Michigan's Economy Best In Midwest, And It's Not Just Cars

Hillsdale College Professor: Michigan benefiting from move to more certain tax and regulatory environment

Michigan’s economy had the fastest growth in the Midwest in the second quarter of 2016 and ranked in the top 10 nationally, according to the federal Bureau of Economic Analysis. The state’s real gross domestic product was up 2.3 percent, which ranks eighth nationally.

Trailing Michigan in the Great Lakes region, Ohio grew by 1.9 percent, followed by Wisconsin at 1.6 percent. Indiana grew by 1.2 percent, and Illinois increased its GDP by 1 percent.

Gary Wolfram, a professor of economics at Hillsdale College and a member of the board of scholars for the Mackinac Center for Public Policy, attributed Michigan’s growth to further diversification of the state economy.

“Michigan’s economy has become more diversified as the national economy has slowly recovered,” he said. Wolfram also noted that states that rely heavily on oil and gas had the slowest growth in the last quarter since oil prices fell.

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GDP increased in 41 states and the District of Columbia in the second quarter of the year, according to the bureau. Nebraska had the most growth at 4.3 percent, followed by Utah at 3.3 percent. Idaho had a GDP growth of 2.8 percent and Arizona at 2.7 percent. Washington, Kansas, and Florida also had 2.3 percent GDP growth.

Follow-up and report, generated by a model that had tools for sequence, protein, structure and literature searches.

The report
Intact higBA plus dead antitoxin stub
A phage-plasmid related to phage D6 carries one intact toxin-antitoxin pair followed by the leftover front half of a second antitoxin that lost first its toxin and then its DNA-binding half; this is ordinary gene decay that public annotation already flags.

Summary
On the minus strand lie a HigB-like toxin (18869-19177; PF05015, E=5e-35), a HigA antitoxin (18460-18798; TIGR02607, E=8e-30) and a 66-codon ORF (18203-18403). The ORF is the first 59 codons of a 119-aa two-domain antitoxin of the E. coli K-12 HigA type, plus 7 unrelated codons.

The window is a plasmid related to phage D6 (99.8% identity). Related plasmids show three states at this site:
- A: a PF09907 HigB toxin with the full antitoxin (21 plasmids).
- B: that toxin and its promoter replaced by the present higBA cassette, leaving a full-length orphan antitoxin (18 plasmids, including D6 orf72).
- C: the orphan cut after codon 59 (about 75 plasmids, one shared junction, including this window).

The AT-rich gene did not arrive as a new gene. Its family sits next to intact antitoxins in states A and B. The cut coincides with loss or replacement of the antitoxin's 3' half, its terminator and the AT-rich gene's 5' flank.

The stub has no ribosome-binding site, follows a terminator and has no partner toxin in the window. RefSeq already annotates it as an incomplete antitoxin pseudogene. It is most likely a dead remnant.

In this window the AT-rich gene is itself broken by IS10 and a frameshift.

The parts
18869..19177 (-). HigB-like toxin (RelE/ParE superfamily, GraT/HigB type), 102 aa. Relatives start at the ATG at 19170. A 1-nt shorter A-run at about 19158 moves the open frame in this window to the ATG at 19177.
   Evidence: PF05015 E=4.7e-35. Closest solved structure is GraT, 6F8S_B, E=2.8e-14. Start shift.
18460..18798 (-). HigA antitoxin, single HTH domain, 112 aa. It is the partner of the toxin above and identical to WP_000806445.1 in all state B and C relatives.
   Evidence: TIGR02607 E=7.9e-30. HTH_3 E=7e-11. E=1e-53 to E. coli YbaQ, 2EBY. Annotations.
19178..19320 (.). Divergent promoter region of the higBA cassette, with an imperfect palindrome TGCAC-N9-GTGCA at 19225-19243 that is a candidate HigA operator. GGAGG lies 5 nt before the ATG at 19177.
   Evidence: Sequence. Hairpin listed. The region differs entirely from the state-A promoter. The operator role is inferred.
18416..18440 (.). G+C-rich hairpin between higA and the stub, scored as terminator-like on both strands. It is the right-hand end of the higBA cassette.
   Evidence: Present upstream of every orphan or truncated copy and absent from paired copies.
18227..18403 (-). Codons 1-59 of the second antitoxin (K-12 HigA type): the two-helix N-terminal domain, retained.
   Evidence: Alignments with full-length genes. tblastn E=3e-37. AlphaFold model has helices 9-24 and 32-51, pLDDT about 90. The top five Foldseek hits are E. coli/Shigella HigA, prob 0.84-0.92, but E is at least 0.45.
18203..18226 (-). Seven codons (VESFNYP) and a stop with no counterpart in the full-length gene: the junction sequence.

Wolfram also said that Michigan’s tax policy and regulatory environment has become more business-friendly.

“Michigan is benefiting from its movement toward a more certain tax and regulatory environment,” he said. “Markets dislike uncertainty with regard to government intervention in the economy, and the rewards of getting rid of the Michigan Business Tax and the consistent election of legislators that understand the importance of letting people act according to their own plan are being felt and will continue to be felt.”

The transportation and warehousing sector was the largest contributor to growth across the country. Real estate industries, health care, and “professional, scientific and technical services,” also did well.

“The auto industry was not the largest driver. But it was broad-based growth,” said James Hohman, assistant director of fiscal policy at the Mackinac Center.


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